Fujitsu has notched up another win for its growing cloud computing platform, signing a deal with Toyota which will see the company move its TUNE Dealership Management System used by dealerships across Australia onto the Japanese IT services giant’s systems.
According to a statement issued by Fujitsu this morning, the three-year deal will be structured as a pay per use solution — which “allows Toyota to control the consumption of IT resources” — with the motor vehicle giant consuming services on a monthly basis, with no ‘lock-in’ term or contract fees if Toyota wishes to realign its technology strategy. “Provisioning of processing power is able to start as small as one server, and can expand on demand as each dealer’s TUNE application requires more resources to support increasing use,” said the statement.
Toyota Australia’s divisional manager of its Information Systems Division James Scott said TUNE had previously been delivered through a combination of platforms — some dealers received the service from Toyota’s own datacentres, which Fujitsu runs, but some ran the platform on their own systems.
The executive said Toyota had signed the contract with Fujitsu after a competitive tender process, to which certain vendors had been invited. He wouldn’t disclose how many vendors participated in the process or who they were, but said he believed the tender process was “quite robust”, and that therefore suitable cloud computing solutions were available in Australia.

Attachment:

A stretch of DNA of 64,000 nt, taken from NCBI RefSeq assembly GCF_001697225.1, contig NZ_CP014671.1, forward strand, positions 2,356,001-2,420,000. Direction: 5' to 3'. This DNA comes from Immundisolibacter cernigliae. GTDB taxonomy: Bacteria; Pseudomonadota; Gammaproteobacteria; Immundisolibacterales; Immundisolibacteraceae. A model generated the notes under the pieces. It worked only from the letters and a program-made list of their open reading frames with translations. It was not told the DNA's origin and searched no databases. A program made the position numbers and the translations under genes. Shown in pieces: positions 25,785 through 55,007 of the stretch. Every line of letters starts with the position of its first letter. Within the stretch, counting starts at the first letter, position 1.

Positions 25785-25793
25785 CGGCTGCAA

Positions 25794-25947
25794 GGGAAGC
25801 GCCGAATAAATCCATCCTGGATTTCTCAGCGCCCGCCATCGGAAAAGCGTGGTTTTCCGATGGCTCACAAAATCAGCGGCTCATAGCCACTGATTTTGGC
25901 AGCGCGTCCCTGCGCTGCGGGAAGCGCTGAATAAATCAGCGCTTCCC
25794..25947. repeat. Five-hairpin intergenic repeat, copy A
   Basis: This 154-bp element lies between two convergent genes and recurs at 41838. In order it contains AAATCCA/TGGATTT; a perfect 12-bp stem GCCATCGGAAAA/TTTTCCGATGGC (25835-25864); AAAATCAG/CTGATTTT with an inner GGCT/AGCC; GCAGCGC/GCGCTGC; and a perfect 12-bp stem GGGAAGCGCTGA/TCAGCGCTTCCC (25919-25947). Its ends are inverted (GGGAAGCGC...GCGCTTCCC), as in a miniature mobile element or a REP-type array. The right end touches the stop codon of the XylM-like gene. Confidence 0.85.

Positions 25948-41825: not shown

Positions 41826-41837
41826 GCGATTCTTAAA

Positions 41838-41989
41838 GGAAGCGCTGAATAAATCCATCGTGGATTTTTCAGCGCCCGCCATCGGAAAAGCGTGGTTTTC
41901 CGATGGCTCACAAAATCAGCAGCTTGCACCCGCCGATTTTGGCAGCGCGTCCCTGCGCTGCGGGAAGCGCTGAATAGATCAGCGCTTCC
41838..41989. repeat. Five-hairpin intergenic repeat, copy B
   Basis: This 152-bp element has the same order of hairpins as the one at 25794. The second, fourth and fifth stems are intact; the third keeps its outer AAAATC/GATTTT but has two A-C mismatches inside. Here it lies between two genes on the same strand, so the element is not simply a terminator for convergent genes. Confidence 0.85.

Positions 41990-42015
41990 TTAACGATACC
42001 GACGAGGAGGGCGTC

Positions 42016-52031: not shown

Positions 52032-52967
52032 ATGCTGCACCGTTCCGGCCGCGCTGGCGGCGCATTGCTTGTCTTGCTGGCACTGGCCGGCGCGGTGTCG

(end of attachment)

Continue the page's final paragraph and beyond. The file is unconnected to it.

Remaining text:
Scott said he saw cloud computing as primarily being a delivery mechanism and that as such organisations should evaluate whether they wanted to use cloud computing for an IT project on a “case by case” basis. “We will do some things this way and some not,” he said.
Toyota has had a long-running relationship with Fujitsu; with Scott citing a history with the company of longer than 30 years in Australia. “It started on the basis that we used to run Fujitsu mainframes internally,” he said, noting that in 1998 that work was outsourced to Fujitsu. In September last year the pair announced that Fujitsu would aid Toyota in upgrading its desktop PCs to Windows 7, for example, after another competitive tender.
Scott said another major IT project underway at Toyota at the moment was seeing a global system being implemented locally after being developed at head office in Japan. The system relates to Toyota’s service parts business.
The news comes as organisations across Australia are increasingly adopting cloud computing — and vendors like Fujitsu, CSC, Telstra and Optus are looking to supply services based around the emerging technology platform. Just several weeks ago, for instance, Macquarie Telecom launched its local cloud computing play — and there have been similar launches in the Australian market for the past 12 months.
Image credit: Toyota